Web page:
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St. Luke’s achieves 1,000 procedures utilizing robotic-assisted technology in total knee replacement


St. Luke’s University Health Network has reached a significant milestone in robotic-assisted knee replacement surgeries.

St. Luke’s orthopedic surgeons have completed 1,000 knee replacement procedures utilizing the VELYS Robotic-Assisted Solution and the ATTUNE Knee System.

The VELYS Robotic-Assisted Solution uses a variety of advanced technologies to provide surgeons with the information and tools they need to perform an accurate and precise knee replacement personalized for the patient’s specific anatomy. This technology is designed to enhance intraoperative accuracy and precision, which improves early patient outcomes following total knee replacement surgery.

The robotic technology is controlled entirely by St. Luke’s orthopedic surgeons and does not operate autonomously. The ATTUNE Knee System works in harmony with the patient’s anatomy to deliver stability and motion; it has been used in more than 2 million individuals worldwide since 2011.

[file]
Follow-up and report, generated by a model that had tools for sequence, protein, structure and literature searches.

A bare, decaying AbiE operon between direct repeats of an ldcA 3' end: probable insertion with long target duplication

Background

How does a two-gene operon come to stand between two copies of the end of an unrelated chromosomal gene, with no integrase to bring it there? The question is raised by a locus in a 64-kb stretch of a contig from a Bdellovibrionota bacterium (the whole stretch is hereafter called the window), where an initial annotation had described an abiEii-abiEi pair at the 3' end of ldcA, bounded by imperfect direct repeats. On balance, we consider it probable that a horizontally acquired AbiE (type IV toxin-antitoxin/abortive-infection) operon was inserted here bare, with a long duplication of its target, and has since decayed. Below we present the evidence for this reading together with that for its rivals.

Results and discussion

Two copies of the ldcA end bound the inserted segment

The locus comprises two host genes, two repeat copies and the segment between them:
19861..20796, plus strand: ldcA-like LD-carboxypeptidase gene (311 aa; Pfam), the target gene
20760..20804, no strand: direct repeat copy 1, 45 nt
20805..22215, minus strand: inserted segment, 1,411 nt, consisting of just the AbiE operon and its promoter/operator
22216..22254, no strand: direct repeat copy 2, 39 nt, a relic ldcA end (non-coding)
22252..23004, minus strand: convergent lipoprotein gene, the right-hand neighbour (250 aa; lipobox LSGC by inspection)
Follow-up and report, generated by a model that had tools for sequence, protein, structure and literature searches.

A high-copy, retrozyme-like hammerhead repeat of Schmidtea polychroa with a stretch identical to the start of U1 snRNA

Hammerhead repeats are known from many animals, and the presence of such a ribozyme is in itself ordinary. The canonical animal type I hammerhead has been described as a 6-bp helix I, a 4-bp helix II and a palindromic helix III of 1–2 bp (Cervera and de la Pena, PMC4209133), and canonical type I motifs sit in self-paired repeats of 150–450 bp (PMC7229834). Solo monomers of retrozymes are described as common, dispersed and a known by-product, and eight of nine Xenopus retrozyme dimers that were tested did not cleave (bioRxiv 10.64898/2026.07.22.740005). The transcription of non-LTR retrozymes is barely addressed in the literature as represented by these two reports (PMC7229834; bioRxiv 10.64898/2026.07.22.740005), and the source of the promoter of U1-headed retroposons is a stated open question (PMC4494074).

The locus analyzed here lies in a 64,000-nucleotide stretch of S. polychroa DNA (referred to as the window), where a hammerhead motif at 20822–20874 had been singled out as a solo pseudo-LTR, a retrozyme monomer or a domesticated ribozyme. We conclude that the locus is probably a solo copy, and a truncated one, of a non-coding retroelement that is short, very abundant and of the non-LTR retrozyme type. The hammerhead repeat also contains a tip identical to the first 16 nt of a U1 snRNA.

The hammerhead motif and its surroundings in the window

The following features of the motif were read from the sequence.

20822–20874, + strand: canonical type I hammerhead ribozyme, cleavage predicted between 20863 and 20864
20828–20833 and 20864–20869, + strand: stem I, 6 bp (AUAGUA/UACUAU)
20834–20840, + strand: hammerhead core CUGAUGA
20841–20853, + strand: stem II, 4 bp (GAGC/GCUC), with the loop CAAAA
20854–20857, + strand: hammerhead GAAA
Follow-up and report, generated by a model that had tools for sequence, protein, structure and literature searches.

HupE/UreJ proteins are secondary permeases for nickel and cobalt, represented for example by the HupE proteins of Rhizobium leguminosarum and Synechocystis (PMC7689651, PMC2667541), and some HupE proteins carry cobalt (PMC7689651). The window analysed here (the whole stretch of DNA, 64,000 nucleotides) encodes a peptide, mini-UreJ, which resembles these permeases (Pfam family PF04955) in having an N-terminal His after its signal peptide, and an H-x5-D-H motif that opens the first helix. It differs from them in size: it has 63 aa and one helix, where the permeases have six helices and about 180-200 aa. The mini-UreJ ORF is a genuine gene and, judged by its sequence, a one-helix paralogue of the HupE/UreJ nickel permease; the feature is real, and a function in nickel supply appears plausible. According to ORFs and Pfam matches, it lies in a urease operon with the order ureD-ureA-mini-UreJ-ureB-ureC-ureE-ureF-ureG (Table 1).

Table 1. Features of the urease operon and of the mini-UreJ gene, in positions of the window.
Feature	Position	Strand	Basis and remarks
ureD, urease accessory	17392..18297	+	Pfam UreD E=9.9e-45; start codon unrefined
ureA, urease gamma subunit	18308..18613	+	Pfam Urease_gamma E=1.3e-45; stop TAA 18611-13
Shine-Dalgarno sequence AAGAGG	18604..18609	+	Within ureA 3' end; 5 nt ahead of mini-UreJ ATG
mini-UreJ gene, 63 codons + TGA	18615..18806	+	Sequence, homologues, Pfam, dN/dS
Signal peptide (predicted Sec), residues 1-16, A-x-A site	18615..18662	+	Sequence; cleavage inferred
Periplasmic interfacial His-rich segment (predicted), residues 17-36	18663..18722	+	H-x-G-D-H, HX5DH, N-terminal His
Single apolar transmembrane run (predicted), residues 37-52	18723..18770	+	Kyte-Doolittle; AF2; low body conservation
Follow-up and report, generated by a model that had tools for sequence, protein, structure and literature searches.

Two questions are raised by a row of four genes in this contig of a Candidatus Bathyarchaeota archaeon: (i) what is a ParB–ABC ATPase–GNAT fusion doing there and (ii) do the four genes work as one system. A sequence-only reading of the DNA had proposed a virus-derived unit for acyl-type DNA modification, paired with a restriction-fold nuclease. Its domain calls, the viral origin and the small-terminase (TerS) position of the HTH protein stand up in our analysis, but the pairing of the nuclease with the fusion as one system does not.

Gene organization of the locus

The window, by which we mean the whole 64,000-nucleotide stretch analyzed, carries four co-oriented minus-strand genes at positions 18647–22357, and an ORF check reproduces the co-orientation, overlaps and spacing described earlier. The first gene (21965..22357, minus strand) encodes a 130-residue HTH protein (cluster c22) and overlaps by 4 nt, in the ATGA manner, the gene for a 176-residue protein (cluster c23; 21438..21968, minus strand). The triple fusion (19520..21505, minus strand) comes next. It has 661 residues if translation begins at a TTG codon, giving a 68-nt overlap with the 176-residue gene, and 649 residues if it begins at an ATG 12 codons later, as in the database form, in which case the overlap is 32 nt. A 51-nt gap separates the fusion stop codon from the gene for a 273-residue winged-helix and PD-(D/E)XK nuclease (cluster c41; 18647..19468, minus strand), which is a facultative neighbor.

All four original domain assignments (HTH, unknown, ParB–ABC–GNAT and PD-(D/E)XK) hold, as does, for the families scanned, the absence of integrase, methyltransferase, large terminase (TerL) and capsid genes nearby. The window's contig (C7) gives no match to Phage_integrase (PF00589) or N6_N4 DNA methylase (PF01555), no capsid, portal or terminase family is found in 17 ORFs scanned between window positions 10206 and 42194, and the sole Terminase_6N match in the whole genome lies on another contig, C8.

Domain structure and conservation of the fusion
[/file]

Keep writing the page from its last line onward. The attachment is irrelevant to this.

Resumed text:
“Patient care is our top priority at St. Luke’s, and the ability to offer reproducible precision in knee replacement has helped improve the quality of life for our patients and allowed them to return to the passions they love,” said St. Luke’s orthopedic surgeon Dr. Adam Sadler, who serves as the network director of the orthopedic robotic program. “This robotic-assisted solution ha shelped us ‘push the envelope’ in this exacting procedure to increase the life of the implant, reduce pain and accelerate rehabilitation.”

This technology is transformational as the VELYS system has helped St. Luke’s orthopedic surgeons further enhance the implant process, according to St. Luke’s orthopedic surgeon Dr. Patrick Brogle.

Dr. Brogle used the VELYS robotic-assisted technology to remove Diane Childs’ arthritic knee and replace it with a metal and plastic joint, which took less than an hour. Childs, a retired nurse, had the procedure at St. Luke’s Orthopedic Hospital at the St. Luke’s West End Campus in Allentown. “The technology allows for degrees of precision not possible with traditional manual instrumentation,” said Brogle. “I feel it contributes to an enhanced recovery and outcome.”

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